November 17th, 2005 at 17:40 | #6

    However, to be fair to Menzies, Galileo was attacked by the scientists at the time and some scientists are even on record as saying that they need to “make simplified statements and make little mention of any doubts that we haveâ€?. Historians are dependent on their grant money, so they have to tow the party line.

    So maybe he’s on to something…

  7. Bruce Bradbury
    November 17th, 2005 at 17:47 | #7

    I’ve read the book but not seen the TV program. For me, the most interesting thing in the book was the claim that the Chinese _could_ have sailed around the world (given the size of their ships and navigation skills etc) but then decided to destroy their navy. Do the critics have anything to say about Menzies’ view of this aspect of Chinese history? (Yes I know this basically unrelated to JQ’s point)

  8. Alan
    November 17th, 2005 at 17:57 | #8

    John, you have adequately demolished a straw man.

  9. November 17th, 2005 at 17:59 | #9

    I saw the doco, but I have to disagree, John. While the subject matter hinted at a suggestion that the show might just be nearly promising, the show was dreadfully tedious.

  10. James Farrell
    November 17th, 2005 at 18:45 | #10

    I didn’t see it, but debunkings of sensational theories are usually fun. It was hilarious watching Baldrick tear apart the Da Vinci Code over two Sundays, earlier in the year.

  11. jquiggin
    November 17th, 2005 at 19:15 | #11

    “John, you have adequately demolished a straw man.’

    Menzies, or Bolt?

  12. Mike Pepperday
    November 17th, 2005 at 20:02 | #12

    I haven’t read it, but some time ago looked up some navigation bits. It’s drivel.

    Page 367: “Even more startling, the longitudes on the Cantino are correct to within thirty nautical miles – a mere thirty seconds of time.� But thirty nautical miles is actually two minutes of time. Very basic; a British naval commander ought to know this.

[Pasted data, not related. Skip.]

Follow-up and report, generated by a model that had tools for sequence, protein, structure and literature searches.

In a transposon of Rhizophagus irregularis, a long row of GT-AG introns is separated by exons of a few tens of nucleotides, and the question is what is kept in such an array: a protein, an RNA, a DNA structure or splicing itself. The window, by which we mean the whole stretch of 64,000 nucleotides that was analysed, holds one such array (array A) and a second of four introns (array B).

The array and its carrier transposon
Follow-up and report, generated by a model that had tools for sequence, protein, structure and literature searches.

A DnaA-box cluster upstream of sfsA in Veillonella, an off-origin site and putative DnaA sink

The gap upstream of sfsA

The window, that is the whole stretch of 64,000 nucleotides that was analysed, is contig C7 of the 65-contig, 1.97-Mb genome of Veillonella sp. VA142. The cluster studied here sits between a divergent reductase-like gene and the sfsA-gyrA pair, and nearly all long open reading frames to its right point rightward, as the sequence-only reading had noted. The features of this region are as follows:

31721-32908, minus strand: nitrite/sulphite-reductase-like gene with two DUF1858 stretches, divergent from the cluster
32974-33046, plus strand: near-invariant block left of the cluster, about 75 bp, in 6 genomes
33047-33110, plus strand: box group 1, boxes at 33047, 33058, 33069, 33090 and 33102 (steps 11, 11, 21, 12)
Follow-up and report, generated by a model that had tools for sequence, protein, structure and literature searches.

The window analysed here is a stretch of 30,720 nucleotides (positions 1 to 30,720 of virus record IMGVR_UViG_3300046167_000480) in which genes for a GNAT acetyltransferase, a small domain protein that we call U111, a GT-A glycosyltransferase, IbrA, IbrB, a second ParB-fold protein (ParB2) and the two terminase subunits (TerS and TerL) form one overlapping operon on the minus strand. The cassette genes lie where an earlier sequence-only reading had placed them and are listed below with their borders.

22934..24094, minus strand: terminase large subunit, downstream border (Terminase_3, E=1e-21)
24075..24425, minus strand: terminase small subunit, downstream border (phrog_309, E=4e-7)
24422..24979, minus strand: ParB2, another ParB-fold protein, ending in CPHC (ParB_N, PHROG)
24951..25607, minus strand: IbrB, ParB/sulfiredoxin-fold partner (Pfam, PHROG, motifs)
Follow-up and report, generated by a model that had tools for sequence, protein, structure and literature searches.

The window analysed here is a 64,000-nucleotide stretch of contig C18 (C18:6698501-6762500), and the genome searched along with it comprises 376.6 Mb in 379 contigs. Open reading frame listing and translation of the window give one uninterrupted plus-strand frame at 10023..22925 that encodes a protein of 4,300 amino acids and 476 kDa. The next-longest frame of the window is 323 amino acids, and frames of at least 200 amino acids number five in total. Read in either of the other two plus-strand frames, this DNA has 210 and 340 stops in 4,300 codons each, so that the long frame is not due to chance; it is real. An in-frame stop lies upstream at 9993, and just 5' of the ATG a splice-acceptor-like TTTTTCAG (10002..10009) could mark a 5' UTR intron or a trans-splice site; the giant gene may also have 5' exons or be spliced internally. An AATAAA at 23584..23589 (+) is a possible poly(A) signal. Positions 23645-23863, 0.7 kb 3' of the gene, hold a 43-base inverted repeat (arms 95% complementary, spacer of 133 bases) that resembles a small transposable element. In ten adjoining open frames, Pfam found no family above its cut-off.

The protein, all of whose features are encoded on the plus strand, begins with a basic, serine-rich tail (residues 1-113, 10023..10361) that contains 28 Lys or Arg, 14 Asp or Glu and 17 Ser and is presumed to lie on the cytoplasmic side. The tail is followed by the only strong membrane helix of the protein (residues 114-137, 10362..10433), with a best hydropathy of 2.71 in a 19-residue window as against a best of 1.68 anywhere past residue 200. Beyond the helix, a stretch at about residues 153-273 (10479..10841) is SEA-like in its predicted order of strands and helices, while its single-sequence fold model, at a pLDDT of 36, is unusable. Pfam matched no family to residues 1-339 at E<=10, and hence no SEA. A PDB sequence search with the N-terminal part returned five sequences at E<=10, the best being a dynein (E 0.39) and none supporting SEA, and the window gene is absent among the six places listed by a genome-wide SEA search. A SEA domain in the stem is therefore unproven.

page 375: “The brilliance of the method is that, unlike calculations for latitude neither sextant nor a clock is required.� Well, a clock is not required for latitude. This is a naval officer? Did Gilbert and Sullivan write documentaries? For latitude, all you need to know is the date and to have a table of the sun’s declination (in effect the sun’s latitude) every day. The observer finds latitude with almost no calculation by measuring the sun’s elevation at noon.

    page 376: “The Portugese did not have enough ships to determine longitude by trigonometry.� How do I convey the sense of this? Maybe: “John Quiggin does not have enough martial arts outfits to determine the GDP by counting Sundays.�

    The author has the explorers finding longitude by lunar eclipses. Lunar eclipses do not occur very often – only about twice a year and often only partial (which are not very useful) and each only visible by half the planet. Of course the weather has to cooperate. To be useful, the eclipse has to be visible by both the expedition and the people in China so that Peking standard time (as it were) can be transferred and the longitude computed. The eclipses during the two years of the 1421 expedition may be readily calculated, eg by the astronomy professor, John Oliver, whom he talks about on page 374-5 and who writes part of Appendix 2. Now why aren’t we given the exact dates and times of the eclipses and where they were visible from?

    Lunar eclipses are available at
    http://sunearth.gsfc.nasa.gov/eclipse/LEcat/LE1401-1500.html